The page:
With the Open Compute Summit just around the corner, the focus will be on web giants and their datacenter infrastructure. Web Giants like Amazon, Facebook and Google have huge datacenter capacity to power their internet services. When these companies were early in growth phases, they partnered closely with the large global OEMs (Dell, Hewlett-Packard, and IBM) to supply their servers. The OEMs recognized the explosive growth potential from the web giants, and began to invest heavily in design and support expertise to service the unique needs of these customers. However, just as the OEMs like Dell, Hewlett-Packard and IBM began to reap the benefits of their investments, they were blindsided by a new form of competitor. In order to save money, some of the largest web giants like Google decided to specify and buy servers directly from the companies that built servers on the OEMs behalf: Taiwanese ODMs like Quanta and Wistron. Quanta was the first of the ODMs to aggressively move their business focus away from servicing OEMs like Dell and Hewlett-Packard, to competing directly against them. So far, this shift in strategy has worked well for Quanta; their server shipments have skyrocketed over the last few years and direct sales to datacenter customers are now estimated to represent ~85% of Quanta’s overall server business. Quanta’s strong penetration with the largest web giants allows them to be well positioned to continue to expand their server business. Notable customer wins include Facebook, Rackspace, Amazon, Korea Telecom and many others who are not public. But a business built on servicing web giants comes with its own set of challenges. Quanta must once again evolve its business strategy if they want to continue to grow as I discuss below. If you are looking for a deep dive, you can see our detailed paper here.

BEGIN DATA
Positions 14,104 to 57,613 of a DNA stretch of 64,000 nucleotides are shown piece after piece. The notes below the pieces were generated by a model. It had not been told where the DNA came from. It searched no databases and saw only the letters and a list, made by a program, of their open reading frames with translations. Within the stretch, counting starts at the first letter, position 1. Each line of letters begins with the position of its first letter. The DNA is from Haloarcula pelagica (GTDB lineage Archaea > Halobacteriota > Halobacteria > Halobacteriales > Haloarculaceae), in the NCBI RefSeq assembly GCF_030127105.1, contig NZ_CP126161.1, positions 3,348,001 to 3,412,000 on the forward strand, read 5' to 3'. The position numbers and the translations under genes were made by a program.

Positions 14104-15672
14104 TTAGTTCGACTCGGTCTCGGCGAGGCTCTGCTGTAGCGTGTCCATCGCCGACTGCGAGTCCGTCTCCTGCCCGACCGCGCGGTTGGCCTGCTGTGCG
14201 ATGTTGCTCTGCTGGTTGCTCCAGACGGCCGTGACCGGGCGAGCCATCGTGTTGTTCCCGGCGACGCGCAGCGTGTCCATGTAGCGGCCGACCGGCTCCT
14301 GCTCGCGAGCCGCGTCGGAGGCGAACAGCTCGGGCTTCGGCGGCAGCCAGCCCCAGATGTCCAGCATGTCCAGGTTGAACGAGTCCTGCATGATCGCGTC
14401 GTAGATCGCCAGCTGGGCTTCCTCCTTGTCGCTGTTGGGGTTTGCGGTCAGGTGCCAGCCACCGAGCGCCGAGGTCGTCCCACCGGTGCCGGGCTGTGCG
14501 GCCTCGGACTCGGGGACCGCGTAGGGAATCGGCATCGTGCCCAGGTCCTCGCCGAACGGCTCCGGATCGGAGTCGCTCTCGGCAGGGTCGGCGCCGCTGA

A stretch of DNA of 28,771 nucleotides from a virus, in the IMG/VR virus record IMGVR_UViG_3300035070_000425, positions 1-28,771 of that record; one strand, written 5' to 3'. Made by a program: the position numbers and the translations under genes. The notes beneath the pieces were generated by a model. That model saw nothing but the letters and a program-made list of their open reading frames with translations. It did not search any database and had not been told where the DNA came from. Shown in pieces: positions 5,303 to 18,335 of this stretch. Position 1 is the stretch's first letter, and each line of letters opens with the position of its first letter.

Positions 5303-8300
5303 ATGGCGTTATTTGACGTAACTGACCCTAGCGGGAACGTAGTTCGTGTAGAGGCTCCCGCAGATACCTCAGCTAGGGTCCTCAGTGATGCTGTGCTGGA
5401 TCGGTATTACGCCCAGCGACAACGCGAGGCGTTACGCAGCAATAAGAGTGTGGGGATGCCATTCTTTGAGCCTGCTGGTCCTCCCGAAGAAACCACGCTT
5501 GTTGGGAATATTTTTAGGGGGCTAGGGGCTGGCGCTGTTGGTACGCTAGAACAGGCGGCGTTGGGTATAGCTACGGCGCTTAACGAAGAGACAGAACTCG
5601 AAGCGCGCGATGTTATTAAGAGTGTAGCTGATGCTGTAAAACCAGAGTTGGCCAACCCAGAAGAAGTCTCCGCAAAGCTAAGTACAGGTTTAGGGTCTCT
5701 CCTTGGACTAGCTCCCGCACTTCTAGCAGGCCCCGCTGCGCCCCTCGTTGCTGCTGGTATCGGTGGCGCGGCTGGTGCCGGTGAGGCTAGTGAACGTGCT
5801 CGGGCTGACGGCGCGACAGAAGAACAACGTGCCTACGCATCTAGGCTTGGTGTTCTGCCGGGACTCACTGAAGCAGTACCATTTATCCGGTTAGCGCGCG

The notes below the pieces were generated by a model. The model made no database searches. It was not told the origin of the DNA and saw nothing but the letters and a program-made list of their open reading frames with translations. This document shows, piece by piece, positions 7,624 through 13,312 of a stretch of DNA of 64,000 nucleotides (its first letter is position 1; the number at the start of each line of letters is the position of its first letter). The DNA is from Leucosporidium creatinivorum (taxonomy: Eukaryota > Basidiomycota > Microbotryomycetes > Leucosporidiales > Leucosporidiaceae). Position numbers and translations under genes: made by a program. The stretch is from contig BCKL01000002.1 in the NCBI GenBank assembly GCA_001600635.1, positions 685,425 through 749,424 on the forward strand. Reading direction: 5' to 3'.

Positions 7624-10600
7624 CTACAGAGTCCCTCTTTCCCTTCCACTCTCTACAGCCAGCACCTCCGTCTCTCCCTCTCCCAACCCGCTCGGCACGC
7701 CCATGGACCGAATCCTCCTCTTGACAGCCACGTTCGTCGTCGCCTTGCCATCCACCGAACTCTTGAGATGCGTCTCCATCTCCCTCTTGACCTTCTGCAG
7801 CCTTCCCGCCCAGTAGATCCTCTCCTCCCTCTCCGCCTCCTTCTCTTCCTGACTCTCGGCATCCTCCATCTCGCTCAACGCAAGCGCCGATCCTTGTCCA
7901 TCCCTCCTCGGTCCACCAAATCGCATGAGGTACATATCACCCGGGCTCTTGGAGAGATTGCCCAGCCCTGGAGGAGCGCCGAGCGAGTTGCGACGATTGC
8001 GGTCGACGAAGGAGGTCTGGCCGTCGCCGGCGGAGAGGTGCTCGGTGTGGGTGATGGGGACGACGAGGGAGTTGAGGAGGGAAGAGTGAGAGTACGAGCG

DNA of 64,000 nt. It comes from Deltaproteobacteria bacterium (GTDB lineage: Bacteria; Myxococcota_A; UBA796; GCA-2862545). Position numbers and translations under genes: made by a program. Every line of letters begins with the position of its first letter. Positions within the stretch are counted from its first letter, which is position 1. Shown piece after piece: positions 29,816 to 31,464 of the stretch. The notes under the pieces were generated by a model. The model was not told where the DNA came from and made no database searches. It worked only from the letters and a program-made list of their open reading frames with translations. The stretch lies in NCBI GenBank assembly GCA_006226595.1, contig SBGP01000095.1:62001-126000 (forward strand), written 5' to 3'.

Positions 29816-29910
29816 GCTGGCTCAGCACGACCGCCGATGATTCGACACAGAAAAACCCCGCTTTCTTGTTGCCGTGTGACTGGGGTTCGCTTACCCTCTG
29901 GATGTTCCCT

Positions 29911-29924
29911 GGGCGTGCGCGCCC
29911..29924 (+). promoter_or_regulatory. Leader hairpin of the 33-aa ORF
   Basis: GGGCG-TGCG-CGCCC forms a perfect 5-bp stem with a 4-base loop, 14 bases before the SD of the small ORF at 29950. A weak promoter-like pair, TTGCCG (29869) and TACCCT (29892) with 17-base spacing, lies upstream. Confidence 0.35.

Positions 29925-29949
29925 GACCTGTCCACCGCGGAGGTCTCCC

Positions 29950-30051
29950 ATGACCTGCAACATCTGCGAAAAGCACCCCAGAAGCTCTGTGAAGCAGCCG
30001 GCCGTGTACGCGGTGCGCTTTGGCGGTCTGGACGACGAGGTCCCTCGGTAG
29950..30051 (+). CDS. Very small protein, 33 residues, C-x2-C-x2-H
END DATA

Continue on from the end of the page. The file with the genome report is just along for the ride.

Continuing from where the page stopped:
While server purchases by the web giants continue to grow faster than the market rate, this segment still makes up less than 20% of the total server market. The web giants are fickle and have little vendor loyalty; their desire for choice and low cost means they rarely show favoritism to any one supplier. While high-volume orders are the norm for these customers, their buying patterns are choppy, dependent on new datacenter rollouts or refresh cycles. Also, the competition continues to increase from OEMs doubling down to regain lost share and other ODMs building up direct business models. All of these factors will lead to inconsistent financial results for Quanta, if their entire server business model is focused on sales to the web giants.
In order to build a model of sustainable growth, Quanta should expand into new segments within the server space. There are a growing number of large and medium scale cloud service providers that do not buy direct from ODMs today, but have many of the same technology requirements and workload characteristics as the web giants. Also, while the enterprise server market generally prefers to buy from the global server OEMs, there are pockets of this market that are not brand-sensitive and could benefit from hyperscale-inspired server design expertise where Quanta excels.
For both the cloud service provider and enterprise server segments, Quanta will require an entirely different channel, customer support model, and product strategy to effectively compete. In 2012, Quanta took a step in the right direction with the formation of their US subsidiary, Quanta QCT. However, Quanta must beef up their service and support infrastructure, channel partner program, software expertise and unique IP investments if they want to continue to grow with their existing customer base and expand into new segments.
For a deeper dive on what Quanta needs to do to scale their server business, I’ve published a paper here.